// native OS look and feel. If there is no such look and feel, return
   // the name of the default cross platform LookAndFeel class.

   String slafcn = UIManager.getSystemLookAndFeelClassName ();

   // Set the current look and feel to the look and feel identified by
   // the LookAndFeel class name.

   UIManager.setLookAndFeel (slafcn);
  }
  catch(Exception e)
  {
  }
 }
}

class AboutDialog extends JDialog
{
 AboutDialog (JFrame parent, String title, String message, String linkText,
    String link)
 {
  // Assign title to the dialog box’s title bar and make sure dialog box is
  // modal.

  super (parent, title, true);

  // Tell dialog box to automatically hide and dispose itself when the user
  // selects the Close menu item from the dialog box’s system menu.

  setDefaultCloseOperation (DISPOSE_ON_CLOSE);

  // Establish the dialog box’s border area. A compound border establishes
  // a beveled outer border with an empty inner border, which is used as a
  // margin.

  Border border = BorderFactory.createBevelBorder (BevelBorder.LOWERED);
  Border margin = BorderFactory.createEmptyBorder (10, 10, 10, 10);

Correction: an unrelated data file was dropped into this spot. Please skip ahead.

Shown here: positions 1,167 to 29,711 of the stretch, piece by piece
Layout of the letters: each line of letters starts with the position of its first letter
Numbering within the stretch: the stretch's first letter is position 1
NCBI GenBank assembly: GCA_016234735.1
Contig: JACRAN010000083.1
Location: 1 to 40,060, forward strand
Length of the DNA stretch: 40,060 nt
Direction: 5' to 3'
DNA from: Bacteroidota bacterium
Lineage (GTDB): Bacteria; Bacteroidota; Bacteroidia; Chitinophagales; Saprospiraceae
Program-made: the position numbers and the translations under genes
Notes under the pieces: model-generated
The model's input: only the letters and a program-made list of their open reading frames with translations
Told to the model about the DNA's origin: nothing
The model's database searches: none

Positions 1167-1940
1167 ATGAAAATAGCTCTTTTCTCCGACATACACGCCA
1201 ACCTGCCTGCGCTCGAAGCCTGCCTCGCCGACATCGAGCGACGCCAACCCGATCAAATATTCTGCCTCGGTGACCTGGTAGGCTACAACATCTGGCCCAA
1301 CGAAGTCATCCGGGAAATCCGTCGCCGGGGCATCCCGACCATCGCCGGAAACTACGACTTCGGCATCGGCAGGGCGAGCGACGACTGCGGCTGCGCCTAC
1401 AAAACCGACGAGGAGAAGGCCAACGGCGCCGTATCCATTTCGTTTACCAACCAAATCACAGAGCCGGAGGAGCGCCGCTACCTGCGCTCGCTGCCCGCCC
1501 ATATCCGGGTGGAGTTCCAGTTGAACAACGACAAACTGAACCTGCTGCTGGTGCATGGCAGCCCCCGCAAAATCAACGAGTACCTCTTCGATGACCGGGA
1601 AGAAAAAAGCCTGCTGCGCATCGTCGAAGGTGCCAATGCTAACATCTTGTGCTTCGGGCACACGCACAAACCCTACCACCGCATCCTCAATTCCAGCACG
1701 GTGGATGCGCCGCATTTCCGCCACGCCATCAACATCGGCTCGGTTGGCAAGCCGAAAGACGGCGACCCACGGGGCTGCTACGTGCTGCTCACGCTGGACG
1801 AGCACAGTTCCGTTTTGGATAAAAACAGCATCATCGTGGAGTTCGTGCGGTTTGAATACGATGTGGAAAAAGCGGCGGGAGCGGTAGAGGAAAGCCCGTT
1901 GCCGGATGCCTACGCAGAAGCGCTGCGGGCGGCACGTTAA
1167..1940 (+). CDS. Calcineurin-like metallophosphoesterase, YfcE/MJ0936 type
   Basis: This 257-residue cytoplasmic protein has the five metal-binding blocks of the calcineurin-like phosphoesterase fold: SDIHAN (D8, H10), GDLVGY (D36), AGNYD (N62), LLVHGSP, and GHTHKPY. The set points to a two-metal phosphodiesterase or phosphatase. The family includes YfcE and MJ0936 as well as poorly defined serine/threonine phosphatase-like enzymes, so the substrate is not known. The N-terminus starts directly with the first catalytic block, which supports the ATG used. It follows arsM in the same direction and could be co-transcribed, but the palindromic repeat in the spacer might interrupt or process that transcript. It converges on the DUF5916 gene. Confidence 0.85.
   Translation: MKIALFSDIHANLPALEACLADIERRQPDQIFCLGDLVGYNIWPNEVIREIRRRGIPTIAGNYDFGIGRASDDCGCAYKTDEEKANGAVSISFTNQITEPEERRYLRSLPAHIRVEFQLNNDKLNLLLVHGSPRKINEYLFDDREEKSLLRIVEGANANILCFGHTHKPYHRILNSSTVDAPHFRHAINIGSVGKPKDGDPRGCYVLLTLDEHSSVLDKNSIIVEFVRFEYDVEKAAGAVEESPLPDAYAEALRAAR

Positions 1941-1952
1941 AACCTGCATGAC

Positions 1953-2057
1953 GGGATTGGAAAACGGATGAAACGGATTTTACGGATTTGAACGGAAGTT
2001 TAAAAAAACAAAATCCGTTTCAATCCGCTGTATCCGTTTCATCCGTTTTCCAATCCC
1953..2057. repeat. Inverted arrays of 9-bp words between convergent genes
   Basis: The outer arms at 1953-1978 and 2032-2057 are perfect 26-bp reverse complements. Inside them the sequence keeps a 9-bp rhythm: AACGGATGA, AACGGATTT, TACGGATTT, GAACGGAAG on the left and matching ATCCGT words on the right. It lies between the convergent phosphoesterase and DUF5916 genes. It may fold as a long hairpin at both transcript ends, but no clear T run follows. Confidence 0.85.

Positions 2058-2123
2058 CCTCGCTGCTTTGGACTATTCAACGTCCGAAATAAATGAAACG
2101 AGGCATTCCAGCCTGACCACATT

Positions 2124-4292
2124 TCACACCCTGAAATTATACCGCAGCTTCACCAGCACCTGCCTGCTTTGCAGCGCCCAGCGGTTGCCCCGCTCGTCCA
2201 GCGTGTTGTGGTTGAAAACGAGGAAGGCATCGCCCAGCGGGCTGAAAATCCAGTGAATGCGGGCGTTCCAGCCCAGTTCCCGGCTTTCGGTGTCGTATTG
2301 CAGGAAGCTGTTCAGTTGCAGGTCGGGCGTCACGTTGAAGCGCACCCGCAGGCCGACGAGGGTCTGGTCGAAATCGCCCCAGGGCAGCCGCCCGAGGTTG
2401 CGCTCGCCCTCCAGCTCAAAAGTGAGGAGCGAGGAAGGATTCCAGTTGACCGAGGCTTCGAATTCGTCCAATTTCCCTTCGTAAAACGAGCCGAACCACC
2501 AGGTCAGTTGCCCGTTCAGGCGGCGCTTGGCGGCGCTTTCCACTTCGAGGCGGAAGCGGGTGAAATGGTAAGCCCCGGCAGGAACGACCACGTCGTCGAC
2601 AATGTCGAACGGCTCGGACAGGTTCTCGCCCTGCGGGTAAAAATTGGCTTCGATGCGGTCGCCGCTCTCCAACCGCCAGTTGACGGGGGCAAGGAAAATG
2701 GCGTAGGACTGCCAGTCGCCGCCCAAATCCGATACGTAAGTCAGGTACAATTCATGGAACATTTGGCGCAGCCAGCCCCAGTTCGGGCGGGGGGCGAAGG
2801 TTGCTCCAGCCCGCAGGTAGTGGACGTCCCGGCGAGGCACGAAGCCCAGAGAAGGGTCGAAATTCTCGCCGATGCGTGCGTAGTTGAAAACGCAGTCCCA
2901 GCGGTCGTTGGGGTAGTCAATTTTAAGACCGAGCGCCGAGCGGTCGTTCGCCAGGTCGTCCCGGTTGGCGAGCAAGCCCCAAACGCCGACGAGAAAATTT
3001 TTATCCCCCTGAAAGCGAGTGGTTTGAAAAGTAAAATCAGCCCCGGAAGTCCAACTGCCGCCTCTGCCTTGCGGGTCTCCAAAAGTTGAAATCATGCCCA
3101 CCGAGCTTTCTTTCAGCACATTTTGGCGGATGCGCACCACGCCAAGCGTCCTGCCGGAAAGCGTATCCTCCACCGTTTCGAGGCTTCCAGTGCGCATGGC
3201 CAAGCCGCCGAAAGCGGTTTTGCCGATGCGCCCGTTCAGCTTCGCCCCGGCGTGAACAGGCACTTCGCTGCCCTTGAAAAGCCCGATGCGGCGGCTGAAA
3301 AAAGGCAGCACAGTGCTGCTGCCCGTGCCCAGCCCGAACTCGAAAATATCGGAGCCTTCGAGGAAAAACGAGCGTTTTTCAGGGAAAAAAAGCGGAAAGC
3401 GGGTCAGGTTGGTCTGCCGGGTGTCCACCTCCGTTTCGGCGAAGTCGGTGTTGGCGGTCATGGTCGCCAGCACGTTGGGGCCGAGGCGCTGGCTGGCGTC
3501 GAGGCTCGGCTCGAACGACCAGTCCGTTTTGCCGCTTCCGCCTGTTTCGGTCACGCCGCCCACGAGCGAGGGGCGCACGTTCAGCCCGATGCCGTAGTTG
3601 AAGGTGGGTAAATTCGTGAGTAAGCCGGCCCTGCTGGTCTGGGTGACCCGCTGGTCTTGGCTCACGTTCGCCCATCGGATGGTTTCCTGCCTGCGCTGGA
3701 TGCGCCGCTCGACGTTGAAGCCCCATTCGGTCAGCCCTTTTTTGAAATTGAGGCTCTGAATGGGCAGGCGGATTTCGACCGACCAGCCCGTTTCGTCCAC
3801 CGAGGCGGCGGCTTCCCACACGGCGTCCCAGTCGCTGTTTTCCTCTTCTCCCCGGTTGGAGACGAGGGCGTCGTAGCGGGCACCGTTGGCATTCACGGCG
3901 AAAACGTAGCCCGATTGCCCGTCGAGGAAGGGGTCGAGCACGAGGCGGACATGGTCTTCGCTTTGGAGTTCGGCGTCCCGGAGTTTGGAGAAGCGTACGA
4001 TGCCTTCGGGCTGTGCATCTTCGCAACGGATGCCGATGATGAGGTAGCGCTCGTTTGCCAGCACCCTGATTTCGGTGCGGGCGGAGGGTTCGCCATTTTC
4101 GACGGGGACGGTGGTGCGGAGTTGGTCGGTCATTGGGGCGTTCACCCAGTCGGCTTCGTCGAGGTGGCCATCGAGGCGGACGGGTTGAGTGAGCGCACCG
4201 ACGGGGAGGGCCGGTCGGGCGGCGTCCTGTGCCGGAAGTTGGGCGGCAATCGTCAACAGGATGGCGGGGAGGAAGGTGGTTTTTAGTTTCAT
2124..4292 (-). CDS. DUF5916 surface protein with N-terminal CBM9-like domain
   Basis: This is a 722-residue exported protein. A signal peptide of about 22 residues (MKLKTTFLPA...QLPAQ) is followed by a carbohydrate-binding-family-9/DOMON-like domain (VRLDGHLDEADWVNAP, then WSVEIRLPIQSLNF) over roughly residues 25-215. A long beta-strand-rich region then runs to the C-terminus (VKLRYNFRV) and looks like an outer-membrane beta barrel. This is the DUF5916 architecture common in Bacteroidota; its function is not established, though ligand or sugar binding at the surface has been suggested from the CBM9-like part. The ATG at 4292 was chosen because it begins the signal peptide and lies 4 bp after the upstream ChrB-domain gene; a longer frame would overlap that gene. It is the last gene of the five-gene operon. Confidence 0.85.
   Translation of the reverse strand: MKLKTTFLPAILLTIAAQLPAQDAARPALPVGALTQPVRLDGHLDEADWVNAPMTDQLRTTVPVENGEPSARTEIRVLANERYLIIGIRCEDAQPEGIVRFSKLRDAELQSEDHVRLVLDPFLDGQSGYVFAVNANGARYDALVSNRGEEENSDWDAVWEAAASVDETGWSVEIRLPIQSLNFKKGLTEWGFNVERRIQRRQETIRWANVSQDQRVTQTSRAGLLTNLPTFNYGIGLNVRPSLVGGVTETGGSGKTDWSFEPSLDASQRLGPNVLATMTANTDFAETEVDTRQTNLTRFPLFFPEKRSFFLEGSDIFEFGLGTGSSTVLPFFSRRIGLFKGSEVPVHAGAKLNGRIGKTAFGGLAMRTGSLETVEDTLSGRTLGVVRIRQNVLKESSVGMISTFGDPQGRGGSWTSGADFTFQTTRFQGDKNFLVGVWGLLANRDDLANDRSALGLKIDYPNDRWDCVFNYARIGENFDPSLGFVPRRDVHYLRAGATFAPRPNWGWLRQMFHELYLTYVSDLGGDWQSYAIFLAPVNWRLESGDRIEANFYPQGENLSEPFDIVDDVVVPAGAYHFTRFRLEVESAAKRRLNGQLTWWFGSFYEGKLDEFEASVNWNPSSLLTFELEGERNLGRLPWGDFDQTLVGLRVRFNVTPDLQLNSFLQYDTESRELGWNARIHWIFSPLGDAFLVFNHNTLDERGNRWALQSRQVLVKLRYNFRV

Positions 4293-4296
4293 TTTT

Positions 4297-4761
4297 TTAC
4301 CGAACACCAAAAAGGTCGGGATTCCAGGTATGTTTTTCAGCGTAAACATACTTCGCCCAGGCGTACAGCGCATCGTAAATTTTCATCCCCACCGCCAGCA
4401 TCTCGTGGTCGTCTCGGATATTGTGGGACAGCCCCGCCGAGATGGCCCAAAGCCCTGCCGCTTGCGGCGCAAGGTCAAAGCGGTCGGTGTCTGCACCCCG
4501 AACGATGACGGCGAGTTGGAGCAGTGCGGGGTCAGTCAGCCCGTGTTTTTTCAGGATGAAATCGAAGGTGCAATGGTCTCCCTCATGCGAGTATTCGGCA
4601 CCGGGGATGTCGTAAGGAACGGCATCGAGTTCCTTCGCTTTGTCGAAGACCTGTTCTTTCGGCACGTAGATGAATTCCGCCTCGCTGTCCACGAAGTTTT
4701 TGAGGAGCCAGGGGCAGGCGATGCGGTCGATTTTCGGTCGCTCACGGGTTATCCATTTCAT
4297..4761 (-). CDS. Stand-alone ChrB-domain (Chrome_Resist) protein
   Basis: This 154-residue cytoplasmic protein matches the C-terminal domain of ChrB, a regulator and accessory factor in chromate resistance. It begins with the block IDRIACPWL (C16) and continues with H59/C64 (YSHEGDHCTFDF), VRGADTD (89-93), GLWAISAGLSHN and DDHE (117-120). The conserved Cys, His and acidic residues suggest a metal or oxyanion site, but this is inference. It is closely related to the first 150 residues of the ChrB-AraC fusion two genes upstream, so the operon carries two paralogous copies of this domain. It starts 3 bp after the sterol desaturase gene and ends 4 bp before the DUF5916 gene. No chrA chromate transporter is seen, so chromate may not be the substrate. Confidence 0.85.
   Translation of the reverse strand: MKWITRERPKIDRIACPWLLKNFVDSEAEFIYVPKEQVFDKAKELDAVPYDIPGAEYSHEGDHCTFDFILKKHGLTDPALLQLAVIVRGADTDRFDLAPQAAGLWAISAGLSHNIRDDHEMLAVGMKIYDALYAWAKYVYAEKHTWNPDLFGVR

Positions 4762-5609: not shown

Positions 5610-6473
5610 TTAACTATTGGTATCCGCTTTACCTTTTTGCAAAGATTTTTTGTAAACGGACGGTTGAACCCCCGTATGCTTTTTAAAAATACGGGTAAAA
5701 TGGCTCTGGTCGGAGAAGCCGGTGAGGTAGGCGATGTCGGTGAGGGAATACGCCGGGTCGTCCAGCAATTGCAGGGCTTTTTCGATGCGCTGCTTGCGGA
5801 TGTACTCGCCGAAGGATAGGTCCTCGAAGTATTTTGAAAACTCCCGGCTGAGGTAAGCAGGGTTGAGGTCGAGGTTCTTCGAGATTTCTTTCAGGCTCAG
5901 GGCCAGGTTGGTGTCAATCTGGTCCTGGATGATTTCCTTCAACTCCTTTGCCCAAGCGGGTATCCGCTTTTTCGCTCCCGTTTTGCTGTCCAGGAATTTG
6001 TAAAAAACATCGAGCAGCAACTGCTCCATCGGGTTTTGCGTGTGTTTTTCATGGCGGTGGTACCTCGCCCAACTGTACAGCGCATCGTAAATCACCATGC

Border cborder = BorderFactory.createCompoundBorder (border, margin);
  getRootPane ().setBorder (cborder);

  // Use a vertical Box as the dialog box’s content pane, to simplify
  // layout.

  Box box = Box.createVerticalBox ();
  setContentPane (box);

  // Add a message (typically identifying the program) label to the box’s
  // top. This label is horizontally centered within the box.

  JLabel label = new JLabel (message);
  label.setAlignmentX (0.5f);
  box.add (label);

  // Add a 30-pixel vertical blank space below the message label to the box
  // (for aesthetic purposes).

  box.add (Box.createVerticalStrut (30));

  // Add a hyperlink to the box’s middle. This hyperlink is horizontally
  // centered within the box.

  JXHyperlink hyperlink;
  hyperlink = new JXHyperlink (new LinkAction (linkText, link));